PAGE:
Alexandro Jodorowsky and the overhead shot

Some beautiful screen grabs from Alexandro Jodorowsky’s mescaline-inspired The Holy Mountain (1973).  Jodorowsky became a cult icon after the release of his first film, the acid Western El Topo (1970), which drew crowds of stoners when it played midnight showings in New York.  Jodorowsky’s movies make you feel like you’re on drugs even when you’re not, and there are some remarkable images in The Holy Mountain—things you’ve never seen before in a movie, and many that you hope never to see again.  

I was on board with the movie until about halfway through, when it starts to get preachy and spouts out a lot of New Age blather.  Then, during the end credits, I saw perhaps the most shocking thing of all—more shocking than the naked man covered in tarantulas, or the young boy being castrated as part of a sacrificial rite, or the man chewing on the face of a wet plaster statue of Jesus:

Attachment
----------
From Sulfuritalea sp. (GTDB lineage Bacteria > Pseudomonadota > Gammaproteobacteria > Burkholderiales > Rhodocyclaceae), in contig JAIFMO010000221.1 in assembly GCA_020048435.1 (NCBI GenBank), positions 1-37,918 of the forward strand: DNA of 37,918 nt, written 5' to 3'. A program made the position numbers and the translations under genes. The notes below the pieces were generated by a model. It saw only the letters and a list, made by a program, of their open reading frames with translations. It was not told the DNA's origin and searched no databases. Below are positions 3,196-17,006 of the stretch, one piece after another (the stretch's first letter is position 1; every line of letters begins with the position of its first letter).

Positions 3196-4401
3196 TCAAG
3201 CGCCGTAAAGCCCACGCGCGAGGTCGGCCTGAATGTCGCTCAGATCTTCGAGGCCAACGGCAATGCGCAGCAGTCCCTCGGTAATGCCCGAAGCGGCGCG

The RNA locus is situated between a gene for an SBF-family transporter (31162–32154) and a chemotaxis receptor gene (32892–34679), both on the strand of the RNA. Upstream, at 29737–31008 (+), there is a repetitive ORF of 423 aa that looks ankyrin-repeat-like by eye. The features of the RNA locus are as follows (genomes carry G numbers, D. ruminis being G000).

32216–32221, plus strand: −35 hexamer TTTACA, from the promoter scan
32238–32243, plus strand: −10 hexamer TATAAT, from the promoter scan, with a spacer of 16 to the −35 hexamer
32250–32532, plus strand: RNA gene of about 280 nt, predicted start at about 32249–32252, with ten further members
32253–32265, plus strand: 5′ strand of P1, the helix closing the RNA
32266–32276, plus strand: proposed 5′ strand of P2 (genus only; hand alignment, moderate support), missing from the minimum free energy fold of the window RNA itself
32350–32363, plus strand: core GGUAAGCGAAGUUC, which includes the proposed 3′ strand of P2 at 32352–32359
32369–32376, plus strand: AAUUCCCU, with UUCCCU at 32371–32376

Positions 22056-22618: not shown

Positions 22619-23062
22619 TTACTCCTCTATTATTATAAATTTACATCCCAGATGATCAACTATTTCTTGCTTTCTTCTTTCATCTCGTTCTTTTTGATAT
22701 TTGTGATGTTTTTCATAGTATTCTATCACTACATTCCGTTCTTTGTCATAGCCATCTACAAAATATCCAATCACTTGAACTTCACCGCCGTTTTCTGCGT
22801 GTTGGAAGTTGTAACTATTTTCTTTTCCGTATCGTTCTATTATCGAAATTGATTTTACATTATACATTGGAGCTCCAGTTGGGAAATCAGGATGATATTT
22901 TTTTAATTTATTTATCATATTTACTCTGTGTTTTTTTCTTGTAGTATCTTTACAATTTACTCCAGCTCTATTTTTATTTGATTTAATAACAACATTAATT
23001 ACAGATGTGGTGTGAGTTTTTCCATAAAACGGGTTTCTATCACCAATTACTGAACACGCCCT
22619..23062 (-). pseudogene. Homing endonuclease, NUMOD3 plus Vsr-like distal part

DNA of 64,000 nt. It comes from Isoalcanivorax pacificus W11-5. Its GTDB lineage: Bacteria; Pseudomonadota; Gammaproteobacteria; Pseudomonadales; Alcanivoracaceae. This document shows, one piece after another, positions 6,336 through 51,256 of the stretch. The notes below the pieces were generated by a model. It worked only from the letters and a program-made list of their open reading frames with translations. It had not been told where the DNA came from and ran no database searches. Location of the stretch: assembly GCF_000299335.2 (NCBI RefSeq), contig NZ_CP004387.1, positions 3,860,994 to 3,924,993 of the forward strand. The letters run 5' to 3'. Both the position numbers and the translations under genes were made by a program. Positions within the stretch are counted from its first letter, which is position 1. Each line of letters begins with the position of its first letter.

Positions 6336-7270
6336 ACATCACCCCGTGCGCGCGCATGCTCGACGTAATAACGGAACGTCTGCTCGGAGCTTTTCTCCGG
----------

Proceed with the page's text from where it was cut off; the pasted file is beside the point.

According to IMDb, that’s the same Howard Lester who is now the chair of the School of Film and Animation at Rochester Institute of Technology, where I spent one disastrous semester some years ago in my attempt to learn filmmaking.  I recall Lester being a very sweet and affable man.  I had no idea that he listed this as one of his credits, but I do recall him saying once that film is such a powerful medium that it can inspire laughter, tears, fear, and even nausea; perhaps he learned something about nausea from working with Jodorowsky?      

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